At 25% capacity, Disneyland welcomes guests to the park after 412 days, with Snow White’s Enchanted Wish being the newest edition to the park.
Plus: Dodger Stadium vaccine site to close by end of May and a Japanese fire truck enchants San Francisco
I’m Winston Gieseke, philanthropy and special sections editor for The Desert Sun in Palm Springs, saying “TGIF!” It looks like it’s going to be a hot weekend here in the desert. Let’s distract ourselves from the heat by taking a look at some of today’s headlines from the Golden State.
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‘We have waited so long for this’: Disneyland reopens
It’s been 412 days, but the magic of Disneyland is finally back.
Disneyland and Disney California Adventure Park reopened at 8 a.m. local time Friday with the first guests cheering, clapping and waving as they came through the gates. At this time, the Anaheim parks are only open to California residents at limited capacity.
Cast members monitored lines and enforced distancing rules, and guests were spread out except when coming through the entrance. Concrete benches in front of King Arthur Carousel had signs to keep people distanced, allowing just one person to sit.
Disneyland has always been known for cleanliness. That is now stepped-up with cast members constantly wiping down handrails, tops of walls and areas where people may lean or randomly touch as they walk by. Additional safety features also included plexiglass around cashier areas of kiosks.
Despite some differences in the Disneyland experience, however, enthusiasm remained high, and guests were thrilled to be back.
Rite Aid is now administering COVID-19 vaccines at 500+ stores in California
Retail pharmacy Rite Aid announced Friday it is now administering COVID-19 vaccines at all of its locations, spanning more than 2,500 stores in 17 states, including more than 500 stores in California.
All Californians ages 16 or older are now eligible for vaccination. Rite Aid encourages people to schedule an appointment as soon as possible using the Rite Aid scheduling tool found at riteaid.com/covid-19; however, the retail pharmacy said it is accommodating walk-ins on a limited basis in every store.
Individuals ages 18 and over can schedule appointments. Those ages 16 and 17 can schedule an appointment with guardian consent at any store administering the Pfizer vaccine by contacting that pharmacy directly.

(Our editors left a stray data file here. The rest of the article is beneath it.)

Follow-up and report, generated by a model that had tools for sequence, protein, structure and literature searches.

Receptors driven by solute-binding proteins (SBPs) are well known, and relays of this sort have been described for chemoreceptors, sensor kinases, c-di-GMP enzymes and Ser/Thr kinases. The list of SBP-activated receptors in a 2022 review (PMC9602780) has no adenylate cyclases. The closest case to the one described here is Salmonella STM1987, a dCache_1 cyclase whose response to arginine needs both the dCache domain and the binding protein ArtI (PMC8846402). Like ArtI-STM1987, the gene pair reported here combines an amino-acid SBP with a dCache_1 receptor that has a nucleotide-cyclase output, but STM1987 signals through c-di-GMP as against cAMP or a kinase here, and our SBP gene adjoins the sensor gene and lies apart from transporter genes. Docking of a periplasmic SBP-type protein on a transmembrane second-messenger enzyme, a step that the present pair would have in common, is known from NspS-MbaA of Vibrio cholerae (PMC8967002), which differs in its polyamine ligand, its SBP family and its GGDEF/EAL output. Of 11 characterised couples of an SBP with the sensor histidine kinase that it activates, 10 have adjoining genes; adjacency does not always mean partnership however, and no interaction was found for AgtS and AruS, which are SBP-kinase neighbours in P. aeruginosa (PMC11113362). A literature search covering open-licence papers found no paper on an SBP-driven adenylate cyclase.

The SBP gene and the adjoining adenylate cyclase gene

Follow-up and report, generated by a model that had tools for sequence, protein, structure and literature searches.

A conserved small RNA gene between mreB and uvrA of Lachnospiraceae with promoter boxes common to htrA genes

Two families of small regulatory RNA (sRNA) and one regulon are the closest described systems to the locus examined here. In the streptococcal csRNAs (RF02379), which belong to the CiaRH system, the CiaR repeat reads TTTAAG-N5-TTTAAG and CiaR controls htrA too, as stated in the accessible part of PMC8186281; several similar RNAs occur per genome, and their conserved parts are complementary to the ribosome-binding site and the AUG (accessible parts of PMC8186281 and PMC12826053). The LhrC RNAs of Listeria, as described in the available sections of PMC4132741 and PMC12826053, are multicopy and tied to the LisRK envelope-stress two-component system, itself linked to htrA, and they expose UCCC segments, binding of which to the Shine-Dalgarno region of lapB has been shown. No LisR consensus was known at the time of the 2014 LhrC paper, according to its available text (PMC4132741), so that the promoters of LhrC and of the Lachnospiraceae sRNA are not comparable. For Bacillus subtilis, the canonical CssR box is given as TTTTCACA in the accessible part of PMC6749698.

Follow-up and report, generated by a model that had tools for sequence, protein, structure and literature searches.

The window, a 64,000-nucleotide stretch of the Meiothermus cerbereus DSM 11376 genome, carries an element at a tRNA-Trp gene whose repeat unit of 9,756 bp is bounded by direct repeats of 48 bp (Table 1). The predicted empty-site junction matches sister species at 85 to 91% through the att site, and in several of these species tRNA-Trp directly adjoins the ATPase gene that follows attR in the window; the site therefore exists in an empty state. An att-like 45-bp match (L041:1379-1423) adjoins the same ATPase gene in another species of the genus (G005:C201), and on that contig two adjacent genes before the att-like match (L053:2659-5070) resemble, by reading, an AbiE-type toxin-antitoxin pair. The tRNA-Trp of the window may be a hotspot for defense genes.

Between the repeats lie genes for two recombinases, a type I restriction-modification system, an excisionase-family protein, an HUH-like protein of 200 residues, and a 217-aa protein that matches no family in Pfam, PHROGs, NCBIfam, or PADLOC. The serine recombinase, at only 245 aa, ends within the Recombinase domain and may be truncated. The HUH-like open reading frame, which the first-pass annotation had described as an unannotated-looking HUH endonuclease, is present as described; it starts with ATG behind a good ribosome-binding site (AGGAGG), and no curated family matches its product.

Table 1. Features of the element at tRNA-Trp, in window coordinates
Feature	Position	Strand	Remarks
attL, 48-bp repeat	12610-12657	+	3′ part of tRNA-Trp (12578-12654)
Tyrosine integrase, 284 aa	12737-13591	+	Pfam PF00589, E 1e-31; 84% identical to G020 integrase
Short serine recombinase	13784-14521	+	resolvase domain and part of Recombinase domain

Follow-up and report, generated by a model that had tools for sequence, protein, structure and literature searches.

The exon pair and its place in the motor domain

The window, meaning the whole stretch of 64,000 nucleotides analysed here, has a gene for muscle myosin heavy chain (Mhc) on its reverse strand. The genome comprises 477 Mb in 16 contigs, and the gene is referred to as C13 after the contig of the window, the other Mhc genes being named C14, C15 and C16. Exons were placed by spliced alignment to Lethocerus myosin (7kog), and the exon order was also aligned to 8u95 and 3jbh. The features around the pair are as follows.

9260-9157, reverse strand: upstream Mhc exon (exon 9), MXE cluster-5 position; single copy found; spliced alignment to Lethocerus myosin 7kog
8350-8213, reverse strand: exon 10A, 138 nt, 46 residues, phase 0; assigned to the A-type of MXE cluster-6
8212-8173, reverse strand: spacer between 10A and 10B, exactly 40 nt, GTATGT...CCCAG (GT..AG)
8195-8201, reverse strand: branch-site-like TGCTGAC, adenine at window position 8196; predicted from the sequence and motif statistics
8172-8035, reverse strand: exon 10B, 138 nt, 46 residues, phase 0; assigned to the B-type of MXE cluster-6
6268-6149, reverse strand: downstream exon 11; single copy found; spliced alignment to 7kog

“The availability of vaccines in every Rite Aid location is a major milestone in our ongoing effort to fight COVID-19.” Rite Aid COO Jim Peters said. A list of stores can be found here.
Dodger Stadium vaccine site to close by end of May
While we’re on the subject of vaccinations, if you’ve been wanting to get yours at Dodger Stadium but have been procrastinating, you’d better hurry.
The Los Angeles Times reports that L.A. city officials announced Friday it will close the mass vaccination site — which is among the country’s largest — by the end of May.
The decision comes on the heels of an announcement made Thursday by county health officials that appointments for the first dose of the COVID-19 vaccine at county-run clinics have decreased by about 50%.
According to Deputy Mayor Jeff Gorell, the city has also seen a large reduction in appointment slots at city-run clinics. By closing the Dodger Stadium site, officials hope that those who are unable to set a specific appointment time will have more flexibility to get a shot.
“The process that will allow us to demobilize Dodger Stadium will allow us to maintain vaccine capacity and spread it out city-wide,” Gorell said.
In addition, the city will begin an appointment-free vaccination system on Friday and Saturday, starting with Pierce College in Woodland Hills and in Lincoln Park. Sites run by the county have been appointment-free for two weeks and will continue to do so through at least next week, according to L.A. County Public Health Director Barbara Ferrer.
Thousands of barrels discovered on sea floor off California may contain DDT
Elsewhere in SoCal, researchers mapping the ocean floor between Catalina and Long Beach have discovered that a massive toxic dumpsite previously discovered on the seafloor is much bigger than previously thought. Watch a video here.
A tiny Japanese fire truck named Kiri brings joy to San Francisco
Sometimes it’s the little things that make us happy. And in San Francisco, people are currently crushing on Kiri the Japanese Fire Truck as a way of shaking away their pandemic blues.
The San Francisco Chronicle reports that Kiri, a 1990 Daihatsu fire truck approximately one-sixth the size of an American fire truck and two feet shorter than a Mazda Miata, arrived in The Golden City during the fifth month of the pandemic, “when the city needed joy more than ever.”
Kiri, which can actually put out fires, has made quite an impression on residents, who enjoy getting photos taken with it — some of which end up on the tiny truck’s Instagram page, @teenytinyfiretruck.
In a Q&A in The Chronicle with the vehicle’s owner, Todd Lappin, a local content designer, we learn that Kiri served for almost 30 years in the tiny mountain town of Kirigamine, Japan — estimated population, 200 — and at the volunteer fire department lodge, it was the town’s volunteer fire department truck.
In California is a roundup of news from across USA Today network newsrooms. Also contributing: Los Angeles Times, San Francisco Chronicle. We’ll be back in your inbox Mond with the latest headlines.
As the philanthropy and special sections editor at The Desert Sun, Winston Gieseke writes about nonprofits, fundraising and people who give back in the Coachella Valley, like these two ladies whose WWII-era baseball careers inspired a hit movie. Reach him at firstname.lastname@example.org.
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